I can't help it -- it's in my blood. You see, I am my father's daughter, and my father is a big lover of the history of the church, St. Peter's, the papacy, and of course, the bishop of Rome. And he is an endless source of knowledge, not just on the history of the church, but basically on all of history in general. Sounds like a sweeping statement, but I am serious.
He's pretty legit.
I know nothing at all in comparison to my dad, but because he gets jazzed about it, I get jazzed about it.
To prove my point, here is a little excerpt from the countless emails we have sent back and forth on the subject:
...And given the fact the that overwhelming majority of the current cardinals where "given their red hats" by either JPII or Benedict, both of whom were very conservative, means that the new pope will almost certainly be conservative on all the above issues. BUT the real question will be "style", "personableness" and leadership/management ability. For example, it's a long shot but Cardinal Timothy Dolan of NY is being talked about. He is very warm and personable. (It would be a first that a US cardinal was elected and some say that can't happen yet, but curiously, the diminishing role of the US abroad makes it more possible because previously no one wanted a super-power pope from a super-power country. Same reasoning would say, don't look for a Chinese pope.) There's one African and one Argentinian who are possibilities. I think it would be healthy for the church to have a pope not from Europe.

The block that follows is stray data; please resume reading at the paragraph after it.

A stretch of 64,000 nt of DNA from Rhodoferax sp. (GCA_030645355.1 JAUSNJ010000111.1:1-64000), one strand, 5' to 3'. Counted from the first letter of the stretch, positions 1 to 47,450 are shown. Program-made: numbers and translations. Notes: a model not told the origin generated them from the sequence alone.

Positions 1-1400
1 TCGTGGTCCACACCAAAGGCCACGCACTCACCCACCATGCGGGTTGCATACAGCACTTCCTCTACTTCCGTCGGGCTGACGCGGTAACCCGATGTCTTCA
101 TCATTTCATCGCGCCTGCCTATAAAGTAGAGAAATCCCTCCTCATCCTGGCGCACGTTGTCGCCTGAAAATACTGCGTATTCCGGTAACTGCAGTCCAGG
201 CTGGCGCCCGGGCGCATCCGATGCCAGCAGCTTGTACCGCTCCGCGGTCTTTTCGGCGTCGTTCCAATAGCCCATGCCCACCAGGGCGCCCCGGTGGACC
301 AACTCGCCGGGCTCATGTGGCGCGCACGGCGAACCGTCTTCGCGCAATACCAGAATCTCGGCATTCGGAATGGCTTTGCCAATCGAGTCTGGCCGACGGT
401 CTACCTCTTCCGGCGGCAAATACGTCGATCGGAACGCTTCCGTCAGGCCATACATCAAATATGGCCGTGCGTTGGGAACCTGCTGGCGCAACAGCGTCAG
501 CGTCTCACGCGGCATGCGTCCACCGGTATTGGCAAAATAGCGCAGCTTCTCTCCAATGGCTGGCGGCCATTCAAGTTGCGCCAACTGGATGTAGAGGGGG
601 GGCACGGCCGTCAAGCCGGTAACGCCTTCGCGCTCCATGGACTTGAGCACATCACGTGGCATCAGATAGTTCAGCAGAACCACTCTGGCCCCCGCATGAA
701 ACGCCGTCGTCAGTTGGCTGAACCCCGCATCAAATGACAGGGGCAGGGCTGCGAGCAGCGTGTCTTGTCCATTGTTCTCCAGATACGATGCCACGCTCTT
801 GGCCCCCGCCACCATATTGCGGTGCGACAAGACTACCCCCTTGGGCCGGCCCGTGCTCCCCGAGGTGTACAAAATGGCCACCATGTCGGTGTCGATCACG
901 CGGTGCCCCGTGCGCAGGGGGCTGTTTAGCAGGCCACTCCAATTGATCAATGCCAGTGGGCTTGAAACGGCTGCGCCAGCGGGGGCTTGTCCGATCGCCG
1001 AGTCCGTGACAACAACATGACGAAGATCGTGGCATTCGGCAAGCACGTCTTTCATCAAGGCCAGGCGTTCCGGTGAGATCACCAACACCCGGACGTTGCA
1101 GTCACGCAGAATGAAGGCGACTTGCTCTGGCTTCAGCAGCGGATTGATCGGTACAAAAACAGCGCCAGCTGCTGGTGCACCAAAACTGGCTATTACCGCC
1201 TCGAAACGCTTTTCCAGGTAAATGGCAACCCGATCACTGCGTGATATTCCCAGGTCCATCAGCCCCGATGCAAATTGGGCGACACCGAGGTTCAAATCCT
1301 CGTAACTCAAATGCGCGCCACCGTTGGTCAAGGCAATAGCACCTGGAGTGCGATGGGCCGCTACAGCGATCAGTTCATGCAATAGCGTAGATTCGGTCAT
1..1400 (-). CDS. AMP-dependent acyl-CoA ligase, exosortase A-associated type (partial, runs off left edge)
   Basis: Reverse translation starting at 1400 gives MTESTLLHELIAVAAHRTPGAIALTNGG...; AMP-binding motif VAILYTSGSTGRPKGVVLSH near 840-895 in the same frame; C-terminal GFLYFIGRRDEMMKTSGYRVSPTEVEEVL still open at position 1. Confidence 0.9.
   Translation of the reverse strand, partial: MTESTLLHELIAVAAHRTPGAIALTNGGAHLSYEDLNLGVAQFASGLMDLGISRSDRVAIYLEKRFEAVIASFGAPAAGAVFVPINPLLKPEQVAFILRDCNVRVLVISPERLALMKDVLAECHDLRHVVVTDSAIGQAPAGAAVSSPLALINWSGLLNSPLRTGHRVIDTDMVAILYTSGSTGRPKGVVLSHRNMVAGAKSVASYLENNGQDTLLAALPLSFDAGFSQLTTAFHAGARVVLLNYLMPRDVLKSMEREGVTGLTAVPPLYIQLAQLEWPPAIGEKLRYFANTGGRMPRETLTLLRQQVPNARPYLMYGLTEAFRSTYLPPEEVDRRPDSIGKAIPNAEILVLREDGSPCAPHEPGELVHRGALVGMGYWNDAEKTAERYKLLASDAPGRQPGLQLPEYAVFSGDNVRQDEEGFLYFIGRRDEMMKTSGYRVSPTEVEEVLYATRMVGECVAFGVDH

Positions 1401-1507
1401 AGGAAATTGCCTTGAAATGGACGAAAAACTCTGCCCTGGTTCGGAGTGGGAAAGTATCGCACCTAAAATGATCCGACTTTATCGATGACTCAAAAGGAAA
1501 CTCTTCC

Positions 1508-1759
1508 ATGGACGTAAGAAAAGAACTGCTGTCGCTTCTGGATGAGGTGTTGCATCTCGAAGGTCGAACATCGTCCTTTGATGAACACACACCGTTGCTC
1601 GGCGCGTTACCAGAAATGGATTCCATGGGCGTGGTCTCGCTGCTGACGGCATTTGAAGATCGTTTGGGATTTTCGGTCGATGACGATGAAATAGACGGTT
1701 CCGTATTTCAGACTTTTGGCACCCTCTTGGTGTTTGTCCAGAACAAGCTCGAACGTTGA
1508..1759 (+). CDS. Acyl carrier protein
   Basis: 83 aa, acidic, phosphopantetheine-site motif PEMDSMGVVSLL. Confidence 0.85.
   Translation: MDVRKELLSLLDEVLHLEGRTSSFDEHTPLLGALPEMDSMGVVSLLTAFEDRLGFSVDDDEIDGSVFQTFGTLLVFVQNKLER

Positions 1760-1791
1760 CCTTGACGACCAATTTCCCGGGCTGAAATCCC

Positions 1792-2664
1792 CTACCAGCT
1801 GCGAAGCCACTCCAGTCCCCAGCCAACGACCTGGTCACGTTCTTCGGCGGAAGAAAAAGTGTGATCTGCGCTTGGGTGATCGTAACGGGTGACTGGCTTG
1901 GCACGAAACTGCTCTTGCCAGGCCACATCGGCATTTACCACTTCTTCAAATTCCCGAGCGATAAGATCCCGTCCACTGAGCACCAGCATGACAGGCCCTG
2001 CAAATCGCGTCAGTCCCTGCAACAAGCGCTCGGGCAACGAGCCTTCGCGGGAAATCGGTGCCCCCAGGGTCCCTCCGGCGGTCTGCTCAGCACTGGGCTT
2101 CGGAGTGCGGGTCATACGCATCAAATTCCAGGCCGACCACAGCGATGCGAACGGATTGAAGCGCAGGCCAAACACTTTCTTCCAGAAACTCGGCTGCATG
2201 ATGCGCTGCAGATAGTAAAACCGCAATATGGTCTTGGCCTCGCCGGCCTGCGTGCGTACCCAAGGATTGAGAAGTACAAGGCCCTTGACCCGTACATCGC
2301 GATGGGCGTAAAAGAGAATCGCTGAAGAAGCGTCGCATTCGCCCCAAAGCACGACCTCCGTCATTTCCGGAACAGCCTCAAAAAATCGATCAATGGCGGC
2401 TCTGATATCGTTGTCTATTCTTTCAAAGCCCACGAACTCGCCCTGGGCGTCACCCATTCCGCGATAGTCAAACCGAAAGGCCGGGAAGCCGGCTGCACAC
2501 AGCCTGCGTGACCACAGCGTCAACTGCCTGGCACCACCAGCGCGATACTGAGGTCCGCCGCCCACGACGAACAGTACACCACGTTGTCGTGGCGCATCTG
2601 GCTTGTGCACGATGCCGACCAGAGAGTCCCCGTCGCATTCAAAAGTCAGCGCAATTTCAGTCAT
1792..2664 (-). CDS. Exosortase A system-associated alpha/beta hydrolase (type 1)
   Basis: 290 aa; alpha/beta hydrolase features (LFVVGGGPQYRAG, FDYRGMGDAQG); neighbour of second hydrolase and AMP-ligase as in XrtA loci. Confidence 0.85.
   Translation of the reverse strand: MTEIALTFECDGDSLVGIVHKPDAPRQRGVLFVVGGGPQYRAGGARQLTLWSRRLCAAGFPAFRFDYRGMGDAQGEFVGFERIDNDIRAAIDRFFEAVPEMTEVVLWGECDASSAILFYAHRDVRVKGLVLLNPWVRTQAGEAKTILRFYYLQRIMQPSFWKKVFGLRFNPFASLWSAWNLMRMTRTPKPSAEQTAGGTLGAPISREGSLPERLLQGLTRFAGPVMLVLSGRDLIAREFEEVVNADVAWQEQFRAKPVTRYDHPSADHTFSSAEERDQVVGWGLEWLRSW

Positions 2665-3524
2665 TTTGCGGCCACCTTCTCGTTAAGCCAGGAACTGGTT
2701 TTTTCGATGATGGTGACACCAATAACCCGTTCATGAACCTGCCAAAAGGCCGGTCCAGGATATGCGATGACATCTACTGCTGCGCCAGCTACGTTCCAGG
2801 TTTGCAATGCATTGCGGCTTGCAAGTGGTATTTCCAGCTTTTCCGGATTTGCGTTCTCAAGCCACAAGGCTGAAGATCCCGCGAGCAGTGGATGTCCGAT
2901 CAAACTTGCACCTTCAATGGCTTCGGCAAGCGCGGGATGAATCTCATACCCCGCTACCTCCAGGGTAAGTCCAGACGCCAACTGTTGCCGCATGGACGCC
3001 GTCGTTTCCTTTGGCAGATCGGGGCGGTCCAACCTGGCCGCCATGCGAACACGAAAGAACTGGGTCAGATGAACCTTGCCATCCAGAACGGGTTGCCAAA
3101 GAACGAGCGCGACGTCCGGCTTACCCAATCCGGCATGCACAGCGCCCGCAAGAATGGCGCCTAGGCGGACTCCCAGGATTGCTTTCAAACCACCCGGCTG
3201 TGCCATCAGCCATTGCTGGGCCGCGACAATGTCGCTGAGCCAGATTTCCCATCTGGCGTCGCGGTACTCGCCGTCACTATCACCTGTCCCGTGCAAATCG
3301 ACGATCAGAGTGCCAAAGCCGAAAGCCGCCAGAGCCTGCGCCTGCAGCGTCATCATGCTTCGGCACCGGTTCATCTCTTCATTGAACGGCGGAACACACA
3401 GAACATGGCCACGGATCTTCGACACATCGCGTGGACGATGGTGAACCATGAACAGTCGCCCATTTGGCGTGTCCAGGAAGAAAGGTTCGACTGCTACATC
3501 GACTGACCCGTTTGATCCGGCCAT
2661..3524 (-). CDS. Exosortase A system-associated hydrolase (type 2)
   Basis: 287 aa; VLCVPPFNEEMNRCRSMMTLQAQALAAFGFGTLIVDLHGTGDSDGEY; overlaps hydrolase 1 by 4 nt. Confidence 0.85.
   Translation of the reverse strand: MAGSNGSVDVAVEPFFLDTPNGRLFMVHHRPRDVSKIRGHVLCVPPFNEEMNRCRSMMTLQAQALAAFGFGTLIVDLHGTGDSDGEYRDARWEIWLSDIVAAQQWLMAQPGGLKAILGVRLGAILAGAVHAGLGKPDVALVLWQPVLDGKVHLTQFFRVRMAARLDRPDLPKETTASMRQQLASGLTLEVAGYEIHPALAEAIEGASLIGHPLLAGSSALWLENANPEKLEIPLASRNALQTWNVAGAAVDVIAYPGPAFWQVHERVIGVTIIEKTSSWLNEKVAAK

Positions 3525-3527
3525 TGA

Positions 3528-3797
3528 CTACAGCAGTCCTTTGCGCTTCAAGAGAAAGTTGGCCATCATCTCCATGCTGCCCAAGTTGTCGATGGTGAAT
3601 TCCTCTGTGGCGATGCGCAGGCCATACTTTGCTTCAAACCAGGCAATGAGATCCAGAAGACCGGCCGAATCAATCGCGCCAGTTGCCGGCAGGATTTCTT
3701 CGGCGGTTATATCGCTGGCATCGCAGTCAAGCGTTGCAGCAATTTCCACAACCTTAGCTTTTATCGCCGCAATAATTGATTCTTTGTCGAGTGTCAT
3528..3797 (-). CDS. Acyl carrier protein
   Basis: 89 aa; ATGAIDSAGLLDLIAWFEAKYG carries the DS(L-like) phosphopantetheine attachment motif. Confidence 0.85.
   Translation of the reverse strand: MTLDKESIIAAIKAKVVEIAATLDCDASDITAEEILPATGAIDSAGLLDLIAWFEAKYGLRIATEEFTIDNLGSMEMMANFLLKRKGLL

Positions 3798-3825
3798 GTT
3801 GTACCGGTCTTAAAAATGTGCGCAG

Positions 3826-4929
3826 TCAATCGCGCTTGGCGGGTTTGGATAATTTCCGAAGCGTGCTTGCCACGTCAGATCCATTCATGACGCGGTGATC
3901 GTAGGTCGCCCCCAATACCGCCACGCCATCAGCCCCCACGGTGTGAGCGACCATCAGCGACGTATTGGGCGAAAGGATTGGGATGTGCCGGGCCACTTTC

That's about all I know so far!
I love this stuff. It's far better than football.
Oh I agree, it's better than football. Dad basically got it right on February 12th, the day after Pope Benedict XVI stepped down. The pope is Argentinian! Be still my heart. This is mi pais. Ok not really -- I don't have any claim on Argentina, but I did spend seven months of my life there and I really, really loved it. Here's a small glimpse:
That first picture is Roberto... I spent a day fishing and hiking with him in Patagonia. By the end of the day, he asked me if he could be the godfather to my children. I'll have to track him down in a few years. The 3rd to last picture is Eli and I with sweet Alicia, our Argentinian madre, who knit the ponchos we had on. And of course, there was plenty of pasta-making involved during my stay with Alicia y Jose. After all, just like Pope Francis, my host family was of Italian decent.
Pope Francis has a mighty burden to carry as the leader of the world's 1.2 billion Catholics, and it seems to me that he is well aware of it: one of the very first things he said as the pope was to ask for prayer for his leadership. And then, he bid his well-wishers goodbye. I can't say it any better than him:
"Good night, and have a good rest."